Heart Transplant | Heart and Vascular

Heart Transplant

UC Davis Health offers the most advanced options for people with end-stage heart failure.

Medically reviewed by Bob Kiaii, M.D. on Sep. 05, 2023.

Two surgeons performing surgery on a patient in an operating room

Timely, Leading-Edge Care

A heart transplant involves removing and replacing your damaged heart with a healthy heart from a deceased donor. About 4,000 people in the U.S. receive new hearts each year.

UC Davis Health offers a complete continuum of services for heart failure, including heart transplant. Our Heart Transplant Program includes cardiothoracic surgeons, heart transplant cardiologists, advanced practitioners, transplant coordinators and nurses. You also receive support from our financial coordinators, social workers, dietitians and pharmacists. We coordinate closely with the Comprehensive Heart Failure Program to ensure you receive the right level of care at the right time.  

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Understanding Heart Transplant

Heart transplant includes an in-depth evaluation, surgery and ongoing follow-up care. At each step, our team is by your side to help you live your best possible life.

  • Health care provider preparing to draw blood from patient’s arm


    You receive a comprehensive assessment to determine your eligibility for a heart transplant. You meet with our specialists and have blood and imaging tests. Our selection committee reviews this information and decides if you meet the criteria (standards) for heart transplant.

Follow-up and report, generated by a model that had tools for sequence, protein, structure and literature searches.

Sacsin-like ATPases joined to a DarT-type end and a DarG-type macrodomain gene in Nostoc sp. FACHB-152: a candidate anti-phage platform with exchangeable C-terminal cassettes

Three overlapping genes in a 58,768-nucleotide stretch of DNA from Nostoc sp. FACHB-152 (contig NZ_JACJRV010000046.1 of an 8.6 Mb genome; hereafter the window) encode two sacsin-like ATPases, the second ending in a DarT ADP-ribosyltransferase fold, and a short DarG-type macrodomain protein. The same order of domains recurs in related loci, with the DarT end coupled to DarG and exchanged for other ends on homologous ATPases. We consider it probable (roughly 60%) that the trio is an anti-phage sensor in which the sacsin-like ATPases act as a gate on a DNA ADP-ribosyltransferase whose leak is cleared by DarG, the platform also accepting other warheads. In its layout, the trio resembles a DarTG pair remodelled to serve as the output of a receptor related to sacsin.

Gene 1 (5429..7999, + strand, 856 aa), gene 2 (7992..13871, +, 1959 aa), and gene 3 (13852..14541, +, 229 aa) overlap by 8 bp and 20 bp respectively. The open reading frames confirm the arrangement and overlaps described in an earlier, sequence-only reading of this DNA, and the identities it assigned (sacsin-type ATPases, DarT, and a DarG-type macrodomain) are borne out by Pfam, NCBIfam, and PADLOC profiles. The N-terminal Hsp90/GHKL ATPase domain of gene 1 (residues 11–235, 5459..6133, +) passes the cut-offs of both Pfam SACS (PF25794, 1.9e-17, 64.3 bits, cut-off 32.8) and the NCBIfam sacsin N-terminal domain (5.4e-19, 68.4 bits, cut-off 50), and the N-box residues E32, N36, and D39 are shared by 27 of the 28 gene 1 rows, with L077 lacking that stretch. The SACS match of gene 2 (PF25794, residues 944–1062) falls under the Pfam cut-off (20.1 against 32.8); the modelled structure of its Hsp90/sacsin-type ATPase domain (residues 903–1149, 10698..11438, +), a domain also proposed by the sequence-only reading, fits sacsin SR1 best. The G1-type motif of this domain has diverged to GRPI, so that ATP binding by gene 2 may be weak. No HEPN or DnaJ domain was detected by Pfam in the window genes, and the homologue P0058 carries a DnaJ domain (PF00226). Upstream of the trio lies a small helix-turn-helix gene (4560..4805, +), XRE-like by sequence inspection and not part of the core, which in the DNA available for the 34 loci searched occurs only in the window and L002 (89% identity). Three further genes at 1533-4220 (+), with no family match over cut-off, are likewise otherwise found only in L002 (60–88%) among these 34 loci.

• Female health care provider smiling and showing male patient some information on a mobile tablet

    Waiting List

    If you’re eligible for a heart transplant, we add you to the national waiting list through the United Network for Organ Sharing (UNOS). While you wait, our caring support specialists are available to help you and your family cope.

  • Surgeons operating on a patient


    When your donor heart becomes available, our team works quickly. We prepare you for surgery while a procurement team, including a surgeon and other team members, travels to pick up the heart. Surgery typically takes 6 to 12 hours, and most people spend about two weeks in the hospital. You may need to have further rehabilitation in our cardiac rehab program to recover more and gain strength.

Home Care After Heart Transplant

Going home after heart transplant surgery can feel overwhelming. Our team helps you and your caregiver understand how to manage your care. If you have any questions or problems, we are available 24 hours a day.

Continue Your Medications

You will need lifelong immunosuppression medications to prevent rejection of your new heart. Although these medications are essential, they can increase your risk of infection. Talk to your transplant team about how you can reduce your risk of harm to your new heart.

Keep All Check-Up Appointments

Routine appointments help us track your progress. At first, you see us weekly for blood and imaging tests, including a heart biopsy, to rule out infection. Later, we reduce your visits to monthly, then yearly. At these follow-up visits, we check for signs of infection or rejection and side effects of your medication.

Make Lifestyle Changes

We work closely with you to help you take care of your new heart. You will need to eat a healthy diet, get the right amount of exercise and stay smoke-free. If you want support, our nurses and social workers are ready to assist you.


When to Contact Your Surgeon

Contact your transplant team if you have any signs of infection or organ rejection. These include a temperature higher than 101 degrees F or blood pressure higher than 160/90 or lower than 100/60. Be alert for sudden weight gain, fatigue, shortness of breath and dizziness. You know your body best. If you feel something isn’t right, let your care team know right away.

"National Data," Organ Procurement and Transplantation Network, https://optn.transplant.hrsa.gov/data/view-data-reports/national-data/# 

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